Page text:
A favorite moment from 2018: The elaborate style of Afropunk fashion
A sea of guests garbed in floral crowns, traditional African prints, elaborate DIY accessories, sheer veils and other unique styles flooded into the year’s 13th Afropunk festival at Commodore Barry Park in New York.
The festival, which took place Aug. 25-26, was inspired by the release of the 2003 documentary “Afro-Punk” by James Spooner, though the director has since split ties from the event.
Afropunk celebrates the diaspora of black culture through art, fashion, music and skateboarding.The festival is also held in Atlanta, Johannesburg, Paris and London. In 2016, company brought its Fancy Dress Ball to Los Angeles (and the West Coast) for the first time.
Although the sold-out Brooklyn show, which attracted more than 60,000 guests, had an all-star lineup of entertainers including Erykah Badu, Janelle Monáe, Tyler, the Creator and Pusha T, those who were dressed the most elaborately often stole the show. The style rebels were seen posing for professional photographers and admirers throughout the park at every turn.
For some attendees, dressing extravagantly didn’t require the special occasion. However, for others, Afropunk served as an opportunity to express themselves in a new way. Whether it was for sexual liberation, cultural pride, political protest or personal expression, each person showed off their style for this year’s theme: “The People Resist.”
Sorry, Coachella attendees, but Afropunk guests took their fashion game more seriously this year. The Times caught up with attendees at the festival, and here’s a look back at some of the festival’s most eye-catching outfits.
A family affair
Malique Payne and Elisa Gomera brought their daughter Emme Irys Payne to Afropunk for the first time to expose her to black culture.
“We came for the culture, style, blackness and for exposure for our baby as well,” Gomera said. “We think it’s important just so she knows where she’s from, and has an open mind about different people.”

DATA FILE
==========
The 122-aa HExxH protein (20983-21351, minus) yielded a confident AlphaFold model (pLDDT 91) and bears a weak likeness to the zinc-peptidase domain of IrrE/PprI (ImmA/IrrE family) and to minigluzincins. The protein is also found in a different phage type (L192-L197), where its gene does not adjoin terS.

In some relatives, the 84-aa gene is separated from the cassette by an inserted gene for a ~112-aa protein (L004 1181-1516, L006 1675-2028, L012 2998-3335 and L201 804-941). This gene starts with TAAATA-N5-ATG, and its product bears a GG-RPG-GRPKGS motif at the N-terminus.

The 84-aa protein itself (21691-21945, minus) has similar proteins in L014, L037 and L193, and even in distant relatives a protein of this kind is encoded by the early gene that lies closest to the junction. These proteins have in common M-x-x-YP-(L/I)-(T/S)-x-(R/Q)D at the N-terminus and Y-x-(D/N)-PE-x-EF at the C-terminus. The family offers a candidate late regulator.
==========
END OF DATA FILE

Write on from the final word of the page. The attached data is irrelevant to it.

“Emme picked out her outfit herself,” Payne said jokingly. “We wanted to have something African-inspired.”
Jessica Jackson of New York and Jahmai Harvey of Massachusetts collaborated on a regal outfit for their couple’s look.
“It’s my first time at Afropunk, but she’s been before,” Harvey said, before adding with a laugh: “I couldn’t be a king here without my queen.”
“For me, Afropunk means acceptance,” Jackson said. “I feel beautiful here whether I’m dressed up or not. I’m just all-around happy.”
“So many of us are outsiders,” Harvey said. “We’re awkward. We’re ostracized. We come from places where we’re not like the normal people, so to come to a place where you feel that love and you feel and you see so many beautiful people, there’s representation and you feel a part of something bigger.”
Akua Shabaka of New York wore designs from her fashion brand, House of Aama, to Afropunk.
“I just wanted to encompass one of the characters that we portray in our brand and I just wanted to bring this Haitian voodoo [vibe],” she said. “For me, Afropunk is like a masquerade ball at this point. I think it’s just about bringing black people together and showing black essence and black beauty. This is me every day, and I feel like I can just go full out and not be judged or anything.”
Denzell Jones of Philadelphia attended Afropunk for the first time in 2018.
“I was just in a place in my life where I was feeling really liberated and had self-love, so I felt like this was the perfect festival to celebrate those things,” he said. “I love seeing people be fearless [at Afropunk]. I’ve always been bold in fashion, even since, like, middle school. So now that I’m an adult, I have the money to do it even more.”
The elevated look
Photos of Nicole Gordon wearing huge ponytails adorned in flowers appeared in several major publications for 2017’s Afropunk, but for 2018 she decided to elevate her look.
“Last year, I felt like I was in my full form of blackness,” Gordon said of her 2017 festival look. “I feel like it shouldn’t take a festival for me to realize that, but there’s such a cultivation of spirit, culture and Afrocentrism here that I love. This time, I wanted to look like an end of summer celebration. I really love pastels and spring colors, so I really wanted to incorporate that. I drew everything out, and my mom made it. I glued the pompoms on. I feel like they’re just fun. I also love dots. That’s one of my signature things with makeup. I love to put little dots everywhere.”
Inspiration from Beyoncé
Jazmin Wilson of Minnesota wore an outfit inspired by a Beyoncé photo shoot.
“I just went to Coachella and I loved the outfits, so I knew this was going to be another opportunity to dress up,” she said. “It’s different because with the fashion you can tell that this is true authenticity. With Afropunk, you can tell everyone comes with their own individual style. As for Coachella, I felt like people were trying to fit into a look. I’m a wardrobe stylist so this for me is very inspiring. I felt like my outfit was going to show out the most, but there’s so many ideas here. I can’t wait to come back next year to bring it even better.”
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